“It’s extremely important thought, to have to have good command of English language. There can be an accent but there has to be a strong enough knowledge of the English language that they converse in a professional manner,” cautions Dagan.

“As the son of an immigrant, I appreciate the struggles that some people have, new to the country, but I also see my mom who learned English at 14. I didn’t know her back then, but I imagine it would have been a struggle,” Dagan says with a smile in his voice. His mother today works in management in a Richmond bank.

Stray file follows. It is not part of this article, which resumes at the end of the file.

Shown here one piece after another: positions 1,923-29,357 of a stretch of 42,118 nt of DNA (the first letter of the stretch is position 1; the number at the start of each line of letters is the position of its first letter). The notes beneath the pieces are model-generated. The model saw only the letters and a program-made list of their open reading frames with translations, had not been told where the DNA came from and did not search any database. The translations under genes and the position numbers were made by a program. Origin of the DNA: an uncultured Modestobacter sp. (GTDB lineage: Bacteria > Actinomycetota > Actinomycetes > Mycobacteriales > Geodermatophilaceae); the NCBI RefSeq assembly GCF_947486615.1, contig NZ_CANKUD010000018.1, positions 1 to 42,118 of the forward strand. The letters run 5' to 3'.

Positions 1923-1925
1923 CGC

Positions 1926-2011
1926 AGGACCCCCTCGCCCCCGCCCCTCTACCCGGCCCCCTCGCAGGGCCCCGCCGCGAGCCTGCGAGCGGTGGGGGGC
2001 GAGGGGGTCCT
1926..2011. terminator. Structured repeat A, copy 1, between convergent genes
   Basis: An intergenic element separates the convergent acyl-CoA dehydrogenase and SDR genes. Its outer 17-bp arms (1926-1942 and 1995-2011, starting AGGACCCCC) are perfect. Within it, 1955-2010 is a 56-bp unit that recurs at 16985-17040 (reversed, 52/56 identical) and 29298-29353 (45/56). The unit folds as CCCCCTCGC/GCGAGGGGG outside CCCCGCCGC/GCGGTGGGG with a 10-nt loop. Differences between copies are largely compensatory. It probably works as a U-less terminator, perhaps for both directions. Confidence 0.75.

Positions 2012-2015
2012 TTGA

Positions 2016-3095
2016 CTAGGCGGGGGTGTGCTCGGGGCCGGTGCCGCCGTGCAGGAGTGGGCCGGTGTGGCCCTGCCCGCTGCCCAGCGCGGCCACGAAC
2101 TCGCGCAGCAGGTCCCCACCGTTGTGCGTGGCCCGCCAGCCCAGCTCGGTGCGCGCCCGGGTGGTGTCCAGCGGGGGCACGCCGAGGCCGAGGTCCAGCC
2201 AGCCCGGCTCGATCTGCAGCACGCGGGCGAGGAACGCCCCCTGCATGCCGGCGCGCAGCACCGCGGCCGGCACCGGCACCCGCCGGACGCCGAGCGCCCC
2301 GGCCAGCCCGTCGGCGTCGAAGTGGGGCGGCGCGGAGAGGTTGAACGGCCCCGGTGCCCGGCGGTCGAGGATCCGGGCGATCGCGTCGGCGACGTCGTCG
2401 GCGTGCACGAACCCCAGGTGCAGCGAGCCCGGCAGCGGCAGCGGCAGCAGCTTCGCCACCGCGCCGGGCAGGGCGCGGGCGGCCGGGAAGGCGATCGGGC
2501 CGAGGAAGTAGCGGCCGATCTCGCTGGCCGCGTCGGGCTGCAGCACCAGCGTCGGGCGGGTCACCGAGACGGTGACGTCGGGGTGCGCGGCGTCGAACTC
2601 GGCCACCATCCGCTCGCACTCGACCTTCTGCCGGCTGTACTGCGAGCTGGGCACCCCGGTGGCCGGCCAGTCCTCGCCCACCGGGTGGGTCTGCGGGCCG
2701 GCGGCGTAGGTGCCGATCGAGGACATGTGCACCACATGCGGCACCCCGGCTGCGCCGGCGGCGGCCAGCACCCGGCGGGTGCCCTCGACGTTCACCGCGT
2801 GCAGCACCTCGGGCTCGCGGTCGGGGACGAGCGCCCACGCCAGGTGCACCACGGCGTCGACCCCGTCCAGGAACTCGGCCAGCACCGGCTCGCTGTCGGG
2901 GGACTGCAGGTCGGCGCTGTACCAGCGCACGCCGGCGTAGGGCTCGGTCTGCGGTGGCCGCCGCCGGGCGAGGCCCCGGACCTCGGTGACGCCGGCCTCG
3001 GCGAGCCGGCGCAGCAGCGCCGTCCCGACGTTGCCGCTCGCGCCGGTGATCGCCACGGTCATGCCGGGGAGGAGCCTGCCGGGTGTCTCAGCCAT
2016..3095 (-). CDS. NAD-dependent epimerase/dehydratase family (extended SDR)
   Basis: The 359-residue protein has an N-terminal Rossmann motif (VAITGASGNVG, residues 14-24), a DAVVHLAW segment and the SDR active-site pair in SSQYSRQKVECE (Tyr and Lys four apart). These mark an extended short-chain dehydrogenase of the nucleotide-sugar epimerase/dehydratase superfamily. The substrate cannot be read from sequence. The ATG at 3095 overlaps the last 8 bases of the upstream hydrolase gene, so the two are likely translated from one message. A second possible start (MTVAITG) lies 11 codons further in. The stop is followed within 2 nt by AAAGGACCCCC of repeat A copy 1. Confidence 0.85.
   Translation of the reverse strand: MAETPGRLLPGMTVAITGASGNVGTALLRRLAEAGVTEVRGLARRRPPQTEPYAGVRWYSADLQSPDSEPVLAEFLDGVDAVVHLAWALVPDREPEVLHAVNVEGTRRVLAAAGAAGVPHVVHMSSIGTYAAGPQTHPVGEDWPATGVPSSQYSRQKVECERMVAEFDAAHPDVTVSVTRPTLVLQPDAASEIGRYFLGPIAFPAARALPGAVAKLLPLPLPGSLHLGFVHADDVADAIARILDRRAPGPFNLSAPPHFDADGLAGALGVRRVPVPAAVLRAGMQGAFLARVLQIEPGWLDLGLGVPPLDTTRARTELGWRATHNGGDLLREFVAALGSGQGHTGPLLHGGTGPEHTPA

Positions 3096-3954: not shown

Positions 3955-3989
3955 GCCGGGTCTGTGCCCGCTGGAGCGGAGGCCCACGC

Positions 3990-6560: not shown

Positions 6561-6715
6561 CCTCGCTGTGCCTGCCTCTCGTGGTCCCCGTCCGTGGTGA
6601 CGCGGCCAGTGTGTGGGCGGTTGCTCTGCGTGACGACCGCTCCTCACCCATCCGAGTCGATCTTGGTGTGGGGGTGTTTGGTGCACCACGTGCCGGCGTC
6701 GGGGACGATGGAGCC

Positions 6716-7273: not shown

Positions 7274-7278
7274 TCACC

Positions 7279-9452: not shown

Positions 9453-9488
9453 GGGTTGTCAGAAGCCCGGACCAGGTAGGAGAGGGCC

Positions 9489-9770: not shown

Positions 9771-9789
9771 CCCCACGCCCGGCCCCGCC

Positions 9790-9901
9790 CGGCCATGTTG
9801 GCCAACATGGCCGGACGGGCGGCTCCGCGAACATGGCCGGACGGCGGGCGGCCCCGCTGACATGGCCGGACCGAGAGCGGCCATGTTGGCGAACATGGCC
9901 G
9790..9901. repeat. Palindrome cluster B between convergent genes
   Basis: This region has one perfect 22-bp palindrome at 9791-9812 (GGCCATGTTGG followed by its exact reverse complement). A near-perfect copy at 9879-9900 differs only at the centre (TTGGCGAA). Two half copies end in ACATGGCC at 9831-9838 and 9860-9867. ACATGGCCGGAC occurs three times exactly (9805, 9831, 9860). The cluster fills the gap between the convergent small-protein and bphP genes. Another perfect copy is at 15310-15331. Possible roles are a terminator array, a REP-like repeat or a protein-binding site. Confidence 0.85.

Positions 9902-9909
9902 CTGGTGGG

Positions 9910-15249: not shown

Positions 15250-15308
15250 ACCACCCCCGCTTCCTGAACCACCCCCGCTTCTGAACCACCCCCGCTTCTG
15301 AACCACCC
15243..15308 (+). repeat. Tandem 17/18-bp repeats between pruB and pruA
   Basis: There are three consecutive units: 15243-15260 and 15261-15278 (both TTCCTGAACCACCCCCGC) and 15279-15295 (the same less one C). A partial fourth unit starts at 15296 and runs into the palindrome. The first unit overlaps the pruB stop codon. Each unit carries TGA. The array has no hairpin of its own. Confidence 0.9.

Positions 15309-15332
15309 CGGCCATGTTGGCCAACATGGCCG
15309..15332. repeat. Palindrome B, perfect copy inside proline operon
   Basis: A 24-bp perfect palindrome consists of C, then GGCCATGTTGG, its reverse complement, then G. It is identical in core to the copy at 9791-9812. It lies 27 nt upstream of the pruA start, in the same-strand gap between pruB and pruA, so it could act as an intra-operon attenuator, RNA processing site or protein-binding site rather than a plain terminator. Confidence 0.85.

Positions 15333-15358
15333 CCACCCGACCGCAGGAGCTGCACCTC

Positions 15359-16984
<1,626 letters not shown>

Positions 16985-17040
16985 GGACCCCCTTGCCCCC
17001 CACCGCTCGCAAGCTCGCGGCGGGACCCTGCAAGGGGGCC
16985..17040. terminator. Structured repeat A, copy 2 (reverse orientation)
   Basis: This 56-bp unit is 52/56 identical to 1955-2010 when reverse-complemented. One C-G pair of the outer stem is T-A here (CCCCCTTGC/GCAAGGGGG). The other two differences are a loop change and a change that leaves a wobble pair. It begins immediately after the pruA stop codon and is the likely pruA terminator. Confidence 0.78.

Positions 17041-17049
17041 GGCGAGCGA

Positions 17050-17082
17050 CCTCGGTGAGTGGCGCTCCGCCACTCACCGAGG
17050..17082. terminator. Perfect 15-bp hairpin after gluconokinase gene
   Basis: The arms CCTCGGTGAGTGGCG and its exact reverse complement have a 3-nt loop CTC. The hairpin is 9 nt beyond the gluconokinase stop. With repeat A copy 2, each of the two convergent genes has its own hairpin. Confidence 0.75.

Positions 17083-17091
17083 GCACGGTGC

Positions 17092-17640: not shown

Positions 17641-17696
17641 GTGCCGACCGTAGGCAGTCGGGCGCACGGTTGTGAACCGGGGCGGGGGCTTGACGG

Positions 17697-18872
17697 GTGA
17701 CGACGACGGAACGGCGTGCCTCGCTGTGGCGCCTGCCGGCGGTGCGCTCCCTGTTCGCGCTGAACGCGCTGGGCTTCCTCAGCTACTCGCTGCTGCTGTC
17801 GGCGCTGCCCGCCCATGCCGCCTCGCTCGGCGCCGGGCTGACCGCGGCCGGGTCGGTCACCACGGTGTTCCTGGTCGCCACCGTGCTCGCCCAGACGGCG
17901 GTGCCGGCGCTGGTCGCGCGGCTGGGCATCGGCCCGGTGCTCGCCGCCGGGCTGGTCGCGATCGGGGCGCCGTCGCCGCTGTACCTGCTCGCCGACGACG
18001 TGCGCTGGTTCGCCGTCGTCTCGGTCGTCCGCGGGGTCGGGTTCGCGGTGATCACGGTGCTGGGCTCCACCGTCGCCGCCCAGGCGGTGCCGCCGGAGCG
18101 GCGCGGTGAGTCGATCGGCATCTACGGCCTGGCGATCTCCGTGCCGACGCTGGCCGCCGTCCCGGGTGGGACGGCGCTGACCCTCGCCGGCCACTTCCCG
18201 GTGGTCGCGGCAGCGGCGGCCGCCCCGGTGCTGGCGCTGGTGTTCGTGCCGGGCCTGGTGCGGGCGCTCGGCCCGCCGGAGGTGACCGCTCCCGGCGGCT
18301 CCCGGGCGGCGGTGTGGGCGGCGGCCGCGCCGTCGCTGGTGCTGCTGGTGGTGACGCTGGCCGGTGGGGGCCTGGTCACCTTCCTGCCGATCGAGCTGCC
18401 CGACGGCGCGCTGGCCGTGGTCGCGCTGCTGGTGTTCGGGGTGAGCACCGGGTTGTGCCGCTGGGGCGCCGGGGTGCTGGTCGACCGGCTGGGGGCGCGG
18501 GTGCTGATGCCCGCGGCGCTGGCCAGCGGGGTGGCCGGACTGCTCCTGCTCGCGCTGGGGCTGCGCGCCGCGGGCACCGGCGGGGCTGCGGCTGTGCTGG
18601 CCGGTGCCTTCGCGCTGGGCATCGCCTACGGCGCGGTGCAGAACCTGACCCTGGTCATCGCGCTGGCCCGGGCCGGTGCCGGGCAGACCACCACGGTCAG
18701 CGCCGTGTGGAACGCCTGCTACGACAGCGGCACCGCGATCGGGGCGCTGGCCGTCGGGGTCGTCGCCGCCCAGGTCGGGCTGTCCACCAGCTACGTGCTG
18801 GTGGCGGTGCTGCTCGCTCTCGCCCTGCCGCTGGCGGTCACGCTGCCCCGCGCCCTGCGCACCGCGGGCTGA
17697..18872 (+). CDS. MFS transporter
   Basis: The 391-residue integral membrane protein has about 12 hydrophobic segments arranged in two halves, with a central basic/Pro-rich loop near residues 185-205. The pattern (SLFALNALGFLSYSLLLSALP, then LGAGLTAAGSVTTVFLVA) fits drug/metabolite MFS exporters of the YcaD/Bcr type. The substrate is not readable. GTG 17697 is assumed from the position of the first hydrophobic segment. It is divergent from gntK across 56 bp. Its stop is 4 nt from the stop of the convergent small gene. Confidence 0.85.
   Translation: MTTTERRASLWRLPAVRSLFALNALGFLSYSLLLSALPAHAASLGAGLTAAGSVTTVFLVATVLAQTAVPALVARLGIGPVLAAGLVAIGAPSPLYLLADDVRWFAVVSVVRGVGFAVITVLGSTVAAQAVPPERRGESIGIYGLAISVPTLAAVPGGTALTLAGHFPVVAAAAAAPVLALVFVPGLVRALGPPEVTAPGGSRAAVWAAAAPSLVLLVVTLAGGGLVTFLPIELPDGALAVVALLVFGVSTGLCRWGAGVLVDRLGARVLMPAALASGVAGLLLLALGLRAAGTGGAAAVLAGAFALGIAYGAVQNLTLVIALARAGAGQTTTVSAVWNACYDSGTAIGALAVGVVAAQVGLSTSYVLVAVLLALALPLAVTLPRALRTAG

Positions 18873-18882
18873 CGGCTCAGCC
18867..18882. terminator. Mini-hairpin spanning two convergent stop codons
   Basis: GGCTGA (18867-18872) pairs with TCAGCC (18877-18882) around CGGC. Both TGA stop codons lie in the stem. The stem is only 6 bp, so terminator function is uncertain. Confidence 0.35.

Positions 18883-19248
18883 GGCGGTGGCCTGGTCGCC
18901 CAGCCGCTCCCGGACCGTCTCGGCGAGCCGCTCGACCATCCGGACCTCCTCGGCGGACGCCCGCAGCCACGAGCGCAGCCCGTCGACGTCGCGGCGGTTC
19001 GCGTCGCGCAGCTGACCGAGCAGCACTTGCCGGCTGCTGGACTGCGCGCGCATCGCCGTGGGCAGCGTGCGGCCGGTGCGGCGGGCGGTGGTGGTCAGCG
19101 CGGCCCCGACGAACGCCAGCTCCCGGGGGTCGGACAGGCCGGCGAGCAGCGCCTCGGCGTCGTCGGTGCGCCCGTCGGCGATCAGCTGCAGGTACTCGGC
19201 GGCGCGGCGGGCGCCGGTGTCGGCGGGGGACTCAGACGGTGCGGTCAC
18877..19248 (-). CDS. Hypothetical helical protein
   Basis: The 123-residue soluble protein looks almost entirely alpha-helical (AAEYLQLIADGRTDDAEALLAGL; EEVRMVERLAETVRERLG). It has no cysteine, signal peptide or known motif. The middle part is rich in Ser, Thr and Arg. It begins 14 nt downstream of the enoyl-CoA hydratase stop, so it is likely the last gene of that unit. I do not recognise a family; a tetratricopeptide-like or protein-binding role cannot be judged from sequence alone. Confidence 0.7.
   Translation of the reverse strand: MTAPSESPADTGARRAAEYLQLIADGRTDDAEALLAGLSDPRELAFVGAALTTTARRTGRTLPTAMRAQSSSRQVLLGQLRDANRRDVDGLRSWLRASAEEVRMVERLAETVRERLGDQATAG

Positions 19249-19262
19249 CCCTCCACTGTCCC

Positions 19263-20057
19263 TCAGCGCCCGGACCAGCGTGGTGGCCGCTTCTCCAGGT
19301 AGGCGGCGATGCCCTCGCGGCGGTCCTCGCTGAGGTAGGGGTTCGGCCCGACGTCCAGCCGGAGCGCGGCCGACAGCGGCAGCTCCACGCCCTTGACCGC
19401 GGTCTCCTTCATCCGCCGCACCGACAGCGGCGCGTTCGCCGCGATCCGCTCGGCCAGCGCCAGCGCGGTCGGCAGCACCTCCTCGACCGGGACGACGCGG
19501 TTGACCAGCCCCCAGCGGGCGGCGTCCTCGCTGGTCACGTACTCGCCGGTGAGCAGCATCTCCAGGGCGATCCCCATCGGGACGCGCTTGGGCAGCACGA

How does Brammer find new entry-level employees?

“A lot of our employees are customers or local kids. If there’s no connection then I take a résumé but nine times out of 10, they have a connection to the restaurant,” he says, again reinforcing the importance of a personal reference, of networking, even for an entry-level job.

And what about the prospective employee’s past employment? Brammer has an interesting take on that, saying, “I would prefer people to have no experience that way I can get them trained the way I like it.”

And what kind of work do the new employees do at Tino’s Pizza? “They basically have to do everything. There is nothing that they don’t have to do. I do everything. I expect you to be able to do everything. You name it--making salads, making food, working the till.”